It's a one-year anniversary William ``Bill'' Hays, owner of four Tire Town stores in Louisiana and Mississippi, would just as soon forget as he recalled the devastation of Hurricane Katrina.
Of his stores in Baton Rouge, Slidell and New Orleans, La., the latter two were damaged and his Waveland Miss., store was forced to close because of the storm.
In Waveland, the storm surge reached 25 to 30 feet and left behind six feet of water, Mr. Hays told Tire Business in a September 2005 interview following the aftermath of Katrina.
The Slidell store, which was not even in the flood plain, received four to five feet of water inside, and the New Orleans location, which escaped flood damage, experienced heavy looting.
Mr. Hays also lost two homes in New Orleans. He now lives in Baton Rouge and commutes about 75 to 80 miles two to three times a week to visit his three stores.
``I sort of look at my life as BK (before Katrina) and AK (after Katrina),'' he said recently. ``If it wouldn't have happened to me, it would have been exciting.''
Mr. Hays faced many challenges while rebuilding his tire store chain-the biggest being ``there are no rules,'' he said. ``You have to completely think change and that you have no basis to work from.''
During his previous interview with Tire Business, Mr. Hays said that despite anticipation of the approaching hurricane, he kept his stores open until the last possible minute. ``We try to serve the public,'' he said. ``We wanted to make sure our customers' tire needs were taken care of in advance of the storm.''
That logic also held true after the storm.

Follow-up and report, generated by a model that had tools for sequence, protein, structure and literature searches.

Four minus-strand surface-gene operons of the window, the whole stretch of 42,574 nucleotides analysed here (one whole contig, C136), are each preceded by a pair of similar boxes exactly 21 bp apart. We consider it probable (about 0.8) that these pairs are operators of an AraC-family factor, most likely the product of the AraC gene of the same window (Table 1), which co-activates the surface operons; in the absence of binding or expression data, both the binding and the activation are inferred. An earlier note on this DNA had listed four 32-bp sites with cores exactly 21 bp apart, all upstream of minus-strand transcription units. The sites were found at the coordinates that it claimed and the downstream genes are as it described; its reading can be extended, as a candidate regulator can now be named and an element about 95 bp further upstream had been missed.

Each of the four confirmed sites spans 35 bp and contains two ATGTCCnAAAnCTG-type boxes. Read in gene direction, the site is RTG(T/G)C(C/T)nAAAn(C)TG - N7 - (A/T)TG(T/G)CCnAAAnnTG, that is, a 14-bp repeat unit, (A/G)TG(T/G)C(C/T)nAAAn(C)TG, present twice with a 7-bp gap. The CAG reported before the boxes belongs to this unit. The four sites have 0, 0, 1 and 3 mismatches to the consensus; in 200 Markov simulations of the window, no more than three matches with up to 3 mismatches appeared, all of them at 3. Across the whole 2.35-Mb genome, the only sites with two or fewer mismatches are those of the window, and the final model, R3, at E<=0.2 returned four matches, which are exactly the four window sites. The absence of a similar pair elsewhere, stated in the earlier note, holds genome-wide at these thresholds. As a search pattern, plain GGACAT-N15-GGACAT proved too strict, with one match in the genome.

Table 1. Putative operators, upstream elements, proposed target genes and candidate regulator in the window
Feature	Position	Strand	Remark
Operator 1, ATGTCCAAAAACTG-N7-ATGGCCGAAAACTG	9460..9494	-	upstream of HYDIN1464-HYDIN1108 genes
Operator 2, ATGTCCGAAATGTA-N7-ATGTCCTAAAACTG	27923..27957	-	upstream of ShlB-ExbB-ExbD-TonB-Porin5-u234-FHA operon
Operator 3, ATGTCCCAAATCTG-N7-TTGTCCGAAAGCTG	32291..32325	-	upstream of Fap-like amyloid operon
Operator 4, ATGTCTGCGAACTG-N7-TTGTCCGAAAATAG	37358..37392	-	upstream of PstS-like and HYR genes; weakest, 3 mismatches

``I had employees 36 hours after the storm in each store,'' he said, adding that Tire Town was also the first tire store up and running in New Orleans after Katrina, despite having to operate under abnormal circumstances.
``When we opened there was not a Goodyear or a Firestone; they hadn't opened yet''-which was a big plus for Tire Town, he said, adding, ``It was like trying to do something in a Wild West situation.'' That caused him to improvise and work with what he could. ``It was all so crazy that you have to forget every experience you ever had in business.''
At first, because there was no electricity, Mr. Hays was unable to accept credit cards and was forced to run some stores on a strictly cash basis. And because there was no phone service in New Orleans, customers weren't able to make appointments. He decided to post Tire Town signs around the city with his cell phone number on them, a concept that other businesses quickly followed.
``In New Orleans, three months ago telephone service still wasn't up,'' he said. ``I had to go through a cable company to get telephone service.''
In Slidell, he even had to operate out of a trailer, which he turned into a showroom until his store could be rebuilt.
The company's Waveland store-its bay doors blown off during the maelstrom, its yard still littered with debris-has a chainlink fence around it and stands idle.
Mr. Hays said one of his biggest challenges after the hurricane was working with his insurance company.